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Philipp Plein is bringing his incongruous happy Goth aesthetic to Manhattan.
This story first appeared in the April 28, 2014 issue of WWD. Subscribe Today.
Plein, a German born, Swiss-based designer, in September will open his first New York store, a 2,000-square-foot flagship at 625 Madison Avenue between 58th and 59th Streets.
“We already opened a showroom in New York and this was the next logical step,” said Plein. “It’s part of the expansion plan we have for the U.S.” The store will house collections for women, men and kids.
Plein opened a store at Miami’s Aventura Mall in October, and, in July, a Los Angeles unit bowed. “The next step is San Francisco, Aspen [, Colo.] and Las Vegas,” he said. “After that, we’d like to open corners in department stores. That’s the easiest way to develop our brand in the U.S.” Plein operates 30 full-price stores and one outlet in cities such as Monte Carlo, Saint-Tropez, Vienna, Moscow, Berlin and Düsseldorf. The designer is heading east with a showroom in Hong Kong and two stores in Seoul.
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Plein designs handbags in black and neon yellow with chains, T-shirts with skulls and pullovers that look like a spider’s web. But he’s no prince of darkness. Plein takes the rock ’n’ roll vibe to optimistic new heights.
“We are actually bright,” said Ludivine Pont, head of marketing. “The skull has become an iconic symbol. We are not focused on it the way we were a couple of years ago. Nevertheless, we have a skull in the entrance. It’s a presence.” The sculpture of a skull decorated with 50,000 Swarovski jewels greets shoppers entering some of Plein’s stores. The New York unit will have one also.
Plein took a circuitous route to fashion, attending law school before discovering that he enjoyed making furniture. For Moët & Chandon, he created a lounge at trade fair CPD Düsseldorf. “I designed some bags as well. I said, ‘Maybe I should get into fashion.’
“The brand is rock ’n’ roll,” Plein said. “For me, it’s a lifestyle, giving me the freedom to break the rules and do what you want and not always be politically correct. We’re an independent label, so we can do what we want to do.”
One thing he doesn’t do is repeat themes for his collections. “We are a fashion brand,” he said. “We change every season. I like to go with the flow and get new inspiration. There’s inspiration coming from music.”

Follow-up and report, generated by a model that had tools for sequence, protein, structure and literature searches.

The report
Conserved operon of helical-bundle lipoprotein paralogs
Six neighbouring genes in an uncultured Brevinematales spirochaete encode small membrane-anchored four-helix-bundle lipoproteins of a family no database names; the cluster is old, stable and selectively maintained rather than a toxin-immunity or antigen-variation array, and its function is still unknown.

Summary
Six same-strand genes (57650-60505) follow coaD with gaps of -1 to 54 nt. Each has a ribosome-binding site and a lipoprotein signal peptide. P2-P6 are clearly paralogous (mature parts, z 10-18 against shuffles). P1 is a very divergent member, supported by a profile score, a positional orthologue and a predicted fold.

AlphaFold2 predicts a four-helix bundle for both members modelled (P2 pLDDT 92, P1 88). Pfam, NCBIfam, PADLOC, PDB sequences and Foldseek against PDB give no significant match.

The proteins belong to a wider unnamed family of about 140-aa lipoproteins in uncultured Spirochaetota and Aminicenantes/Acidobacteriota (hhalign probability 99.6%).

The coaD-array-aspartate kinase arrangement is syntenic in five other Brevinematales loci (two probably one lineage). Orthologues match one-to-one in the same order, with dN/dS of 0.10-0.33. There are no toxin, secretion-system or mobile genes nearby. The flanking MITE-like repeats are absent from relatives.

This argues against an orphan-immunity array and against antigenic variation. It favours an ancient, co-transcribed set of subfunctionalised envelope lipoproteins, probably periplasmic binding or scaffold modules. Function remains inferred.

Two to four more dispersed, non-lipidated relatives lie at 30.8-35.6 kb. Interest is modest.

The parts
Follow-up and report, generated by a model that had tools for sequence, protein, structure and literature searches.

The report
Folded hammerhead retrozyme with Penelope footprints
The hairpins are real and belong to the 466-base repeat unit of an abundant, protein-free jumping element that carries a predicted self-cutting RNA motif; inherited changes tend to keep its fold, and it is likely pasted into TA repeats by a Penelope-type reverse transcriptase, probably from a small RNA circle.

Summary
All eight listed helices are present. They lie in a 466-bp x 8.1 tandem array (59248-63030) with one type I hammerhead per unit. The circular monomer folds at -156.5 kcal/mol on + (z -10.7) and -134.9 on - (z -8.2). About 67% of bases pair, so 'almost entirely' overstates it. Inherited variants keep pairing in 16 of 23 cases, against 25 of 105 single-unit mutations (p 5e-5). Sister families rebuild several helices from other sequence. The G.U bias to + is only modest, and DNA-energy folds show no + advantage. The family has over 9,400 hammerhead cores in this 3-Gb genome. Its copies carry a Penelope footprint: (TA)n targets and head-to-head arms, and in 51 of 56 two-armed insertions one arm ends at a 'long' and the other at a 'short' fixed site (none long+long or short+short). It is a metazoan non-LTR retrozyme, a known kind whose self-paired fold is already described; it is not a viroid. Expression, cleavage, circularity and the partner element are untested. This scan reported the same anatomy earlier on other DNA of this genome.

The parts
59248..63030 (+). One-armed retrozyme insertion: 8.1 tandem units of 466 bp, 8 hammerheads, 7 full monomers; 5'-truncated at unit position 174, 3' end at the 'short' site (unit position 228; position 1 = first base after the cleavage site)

Plein always looks for a strong theme for his lines. “We did a cowboy and casino theme,” he said. “I started researching. I listened to Quentin Tarantino songs and looked at ‘Dallas’. When I have a strong topic that gives me freedom, to play, I try to dig into the theme and build a world around it.”
With his unabashed attitude, Plein is no stranger to controversy. For his fall women’s show in Milan, Plein had Grace Jones perform “I’ve Seen That Face Before.” Singer Iggy Azalea opened the show with a performance of “Work.” The show was closed by Ethiopian supermodel Liya Kebede. And in fall 2011, Plein featured Lindsay Lohan as the face of his brand.
“America is a new market we’re trying to conquer step by step,” he said. “It’s a very mature and educated market. I’m opening a store on Madison Avenue and not in SoHo or the Meatpacking District because we’re a luxury brand. It’s important for the first store to have the right address. We have a young image, but we have expensive price points and produce everything in Italy.”
A T-shirt with the image of a mirrored winged unicorn is $675; a pink, mint and gold quilted leather jacket with hardware, $5,177, and ballerina flats with rhinestone skulls, $582.
“Philipp Plein’s commitment to 625 Madison Avenue is another prime example of how the area south of Barneys New York has taken off,” said Jeffrey Roseman, a real estate broker at Newmark Grubb Knight Frank Retail, who represented the landlord. “Once thought of as a lesser corridor, Plein will now join retailers like Fendi, Canali, Fratelli Rossetti and Montblanc.” Diane Mandel, Susan Teplitz and Peter Weisman of Lansco represented the tenant.
“We established ourselves in Milan the last few seasons,” Plein said when asked whether he would ever do a runway show in New York. “We’re the new generation of fashion brands. We’re very cosmopolitan and very open minded. We’re open to everything.”